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Death Was in the Picture: A Mystery Hardcover – January 20, 2009

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Product Details

  • Hardcover: 288 pages
  • Publisher: Minotaur Books; First Edition edition (January 20, 2009)
  • Language: English
  • ISBN-10: 0312383398
  • ISBN-13: 978-0312383398
  • Product Dimensions: 5.8 x 1.1 x 8.6 inches
  • Shipping Weight: 13.6 ounces
  • Average Customer Review: 4.6 out of 5 stars  See all reviews (8 customer reviews)
  • Amazon Best Sellers Rank: #2,807,133 in Books (See Top 100 in Books)

Editorial Reviews

From Publishers Weekly

Set in Hollywood in 1931, Richardss swell follow-up to Death Was the Other Woman (2008) finds ace-in-the-hole secretary Kitty Pangborn still lifting as much of the load as her PI boss, Dex Theroux, who has a tendency to spend his afternoons with all the boys: Johnnie Walker, Jack Daniels, Jim Beam, Jose Cuervo. Fortunately, Dex is sober when a mysterious man hires him, on behalf of a group of concerned citizens, to observe movie star Laird Wyndham, whose morality is suspect. Dex senses a setup, confirmed when Wyndham is arrested for a starlets murder. The turnaround is complete when Wyndham hires Dex to clear him. Richards handles the slang and patois of the period neatly. Likewise, she paints a vivid picture of the contrast between those just scraping by during the Depression and those living high on the hog. Kitty has plenty of moxie, and while Dex gets top billing on the office door, shes no second banana in this class act. (Jan.)
Copyright © Reed Business Information, a division of Reed Elsevier Inc. All rights reserved.

From Booklist

Kitty Pangborn was once a child of privilege. The crash of 1929 destroyed that illusion when her father committed suicide and left her with a fine Los Angeles home and no money. She makes do with boarders and a job as the secretary for competent, if alcoholic, private investigator Dexter Theroux. Hollywood star Laird Wyndham has survived the transition from silents to talkies, thanks to his regal bearing and deep voice. A mysterious man hires Theroux to tail Wyndham. No details. Just follow him. The first assignment is a Hollywood party, where a young ingénue is murdered. Wyndham, seen leaving the room in which her body was found, is quickly arrested. Complications with the original client loom when Wyndham hires Dex to find the killer and determine who set Wyndham up and why. The second Pangborn-Theroux caper builds nicely on the hard-boiled 1930s milieu established in Death Was the Other Woman (2008). Readers will unconsciously set their mind’s eye to play in black and white as they follow the sometimes funny, often melancholy adventures of two savvy Depression-era survivors. --Wes Lukowsky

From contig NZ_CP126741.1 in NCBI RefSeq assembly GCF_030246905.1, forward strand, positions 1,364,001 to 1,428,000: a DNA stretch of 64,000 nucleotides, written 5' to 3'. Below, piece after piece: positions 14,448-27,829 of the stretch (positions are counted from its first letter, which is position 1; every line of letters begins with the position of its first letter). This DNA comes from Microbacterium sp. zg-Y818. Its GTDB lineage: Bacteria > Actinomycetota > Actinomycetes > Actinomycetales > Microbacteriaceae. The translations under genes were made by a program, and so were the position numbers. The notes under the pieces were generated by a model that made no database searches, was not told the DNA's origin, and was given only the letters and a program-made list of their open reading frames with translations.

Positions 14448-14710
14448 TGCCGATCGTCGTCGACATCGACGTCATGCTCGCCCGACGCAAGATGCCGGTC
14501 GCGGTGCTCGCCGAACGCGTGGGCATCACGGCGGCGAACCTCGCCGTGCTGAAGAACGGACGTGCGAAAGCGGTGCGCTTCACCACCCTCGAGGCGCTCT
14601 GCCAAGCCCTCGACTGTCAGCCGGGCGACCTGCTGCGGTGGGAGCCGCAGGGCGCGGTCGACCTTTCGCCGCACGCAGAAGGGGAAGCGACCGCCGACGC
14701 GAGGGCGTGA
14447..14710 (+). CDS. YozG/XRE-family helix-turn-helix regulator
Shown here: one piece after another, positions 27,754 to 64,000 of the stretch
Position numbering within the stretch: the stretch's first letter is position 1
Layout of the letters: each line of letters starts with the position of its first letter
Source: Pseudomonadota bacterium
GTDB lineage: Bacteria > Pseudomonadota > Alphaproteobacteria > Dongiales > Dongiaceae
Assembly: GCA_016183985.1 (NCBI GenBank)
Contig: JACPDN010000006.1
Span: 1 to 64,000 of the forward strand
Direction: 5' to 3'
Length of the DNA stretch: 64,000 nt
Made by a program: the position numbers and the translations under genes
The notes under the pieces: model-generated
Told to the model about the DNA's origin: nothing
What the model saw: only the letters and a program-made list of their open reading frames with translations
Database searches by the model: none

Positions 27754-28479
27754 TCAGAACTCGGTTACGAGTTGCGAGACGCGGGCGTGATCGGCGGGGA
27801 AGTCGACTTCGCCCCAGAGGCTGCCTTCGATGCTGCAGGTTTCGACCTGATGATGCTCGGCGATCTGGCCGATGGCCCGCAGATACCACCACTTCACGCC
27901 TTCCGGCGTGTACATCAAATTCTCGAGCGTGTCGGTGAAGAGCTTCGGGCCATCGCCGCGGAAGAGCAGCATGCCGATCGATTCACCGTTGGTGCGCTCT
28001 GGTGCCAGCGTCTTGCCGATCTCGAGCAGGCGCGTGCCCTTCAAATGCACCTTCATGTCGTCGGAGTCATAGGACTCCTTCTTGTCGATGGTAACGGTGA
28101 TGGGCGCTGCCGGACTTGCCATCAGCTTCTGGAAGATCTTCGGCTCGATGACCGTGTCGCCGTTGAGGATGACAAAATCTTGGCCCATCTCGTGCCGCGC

More About the Author

I am the editor and co-founder of, one of the Web's leading magazines about books and authors. As a journalist, I've written extensively about books, authors, high tech and business for a number of publications. I am the author of seven novels, the most recent of which is DEATH WAS IN THE BLOOD (June 2013). I was raised in Los Angeles and Munich, but currently live near Vancouver, Canada, the city of my birth.

Customer Reviews

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Most Helpful Customer Reviews

1 of 1 people found the following review helpful By Bundtlust TOP 1000 REVIEWERVINE VOICE on September 1, 2009
Format: Hardcover
Kitty Pangborn, shamus's assistant to Dex Theroux (Death Was the Other Woman: A Mystery), gets to meet the man of her silver screen dreams while on a case: Hollywood leading man Laird Wyndham is accused of murder, and it's up to Kitty, Dex, and Mustard (their driver and "procurement" specialist) to get to the bottom of the accusations. Kitty finds it hard to distance herself professionally; she's terminally star-struck at meeting Laird in person, so much so that she forgets to take notes (she's seen every film he starred in). But Kitty and Dex quickly dig up some unsavory truths on Laird's offscreen persona; an estranged wife, a jilted lover and several employees paint a less-than-glowing picture of a man with a hot temper and lusty appetites that know no boundaries.